Russian opposition party will boycot elections

Reply Sun 21 Dec, 2003 09:52 pm
(Translated from news item on Dutch public TV news)

Russian opposition party will boycot elections

The important liberal Russian opposition party Yabloko will not participate in the elections that will be held on 14 March. The party thinks that under present circumstances free and fair elections will not be possible in Russia. Other parties are still hesitating about whether they will challenge president Putin.

The pro-democratic Yabloko last week lost heavily in the elections for the Duma, the Russian parliament. The party did not make the threshhold of 5% [for the first time since 1993 - nimh] and blames this amongst other things on the strict control Putin is exercising on the state media. Another important liberal party, the SPS of Boris Nemtsov, didnt make the threshhold either, and as a result there is now no pro-Western party represented in the Duma.

The communists of Zhuganov did succeed in gaining a large number of seats in the Duma, and so did nationalist parties. Zhuganov has not made a decision yet about participation in the presidential elections. The nationalist LDPR of Zhirinovsky only wants to take part if his arch rival Zhuganov does, too.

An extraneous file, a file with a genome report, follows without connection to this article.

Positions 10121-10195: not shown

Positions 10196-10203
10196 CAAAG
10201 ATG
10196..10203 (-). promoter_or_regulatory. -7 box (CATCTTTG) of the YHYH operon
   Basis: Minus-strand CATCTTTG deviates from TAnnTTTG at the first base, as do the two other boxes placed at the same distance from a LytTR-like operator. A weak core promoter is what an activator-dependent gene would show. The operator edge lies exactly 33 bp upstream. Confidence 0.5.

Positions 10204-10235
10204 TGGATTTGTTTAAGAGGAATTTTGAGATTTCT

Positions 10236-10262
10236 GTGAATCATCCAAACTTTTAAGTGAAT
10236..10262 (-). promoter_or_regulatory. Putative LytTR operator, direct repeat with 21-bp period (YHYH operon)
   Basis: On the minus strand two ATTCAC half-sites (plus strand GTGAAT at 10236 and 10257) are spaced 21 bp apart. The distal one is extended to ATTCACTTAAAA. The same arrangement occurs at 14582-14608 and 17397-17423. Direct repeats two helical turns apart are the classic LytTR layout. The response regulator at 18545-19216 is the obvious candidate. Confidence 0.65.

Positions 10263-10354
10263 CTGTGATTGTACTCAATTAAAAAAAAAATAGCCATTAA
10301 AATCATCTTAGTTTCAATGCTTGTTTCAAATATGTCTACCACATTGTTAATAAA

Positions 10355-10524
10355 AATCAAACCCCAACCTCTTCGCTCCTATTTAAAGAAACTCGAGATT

International observers from the OSCE concluded that last week's elections were free, but not fair. Putin's party had received disproportional coverage in the state media and was partly financed from the state budget. The nationalists were supported by the Kremlin, too, which hoped to get in the way of the communists that way [nationalists and communists appeal to roughly the same electorare in Russia - nimh].
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Reply Sun 21 Dec, 2003 09:53 pm
Background info: Yabloko is the party of Grigory Yavlinsky, one of the prominent early reformers, who became well-known by the "500 days" program for radical economic change he drafted in 1990, which Gorbachev refused to implement. Locked out of the later Yeltsin "Family", Yavlinsky became one of the most consistent and principled critics of Yeltsin when it came to the Family's corruption, centralism and intrigues - his only long-standing critic from the right.

As a result, Yabloko became the epitomal "political home" for the former dissidents and impoverished intellegentsia, especially after the "Democratic Choice" party folded in the 1995 elections. The party never managed to reach out much beyond that constituency though, and thus Yabloko got 8% of the vote in 1993, 7% in 1995 and 6% in 1999.

In '99, a second right-wing party, the SPS (Union of Rightists), made parliament, polling some 9% of the vote but catering for a different electorate: the "New Rich", the businessmen and wannabe entrepreneurs. The two parties were kept apart by cultural differences, their opposite stances on the Chechnyan war (Yavlinsky was against) and the support the SPS long lent to Putin. This month, both parties failed the threshhold, getting a mere 4% of the vote each - less than the number of voters who opted for "none of the above".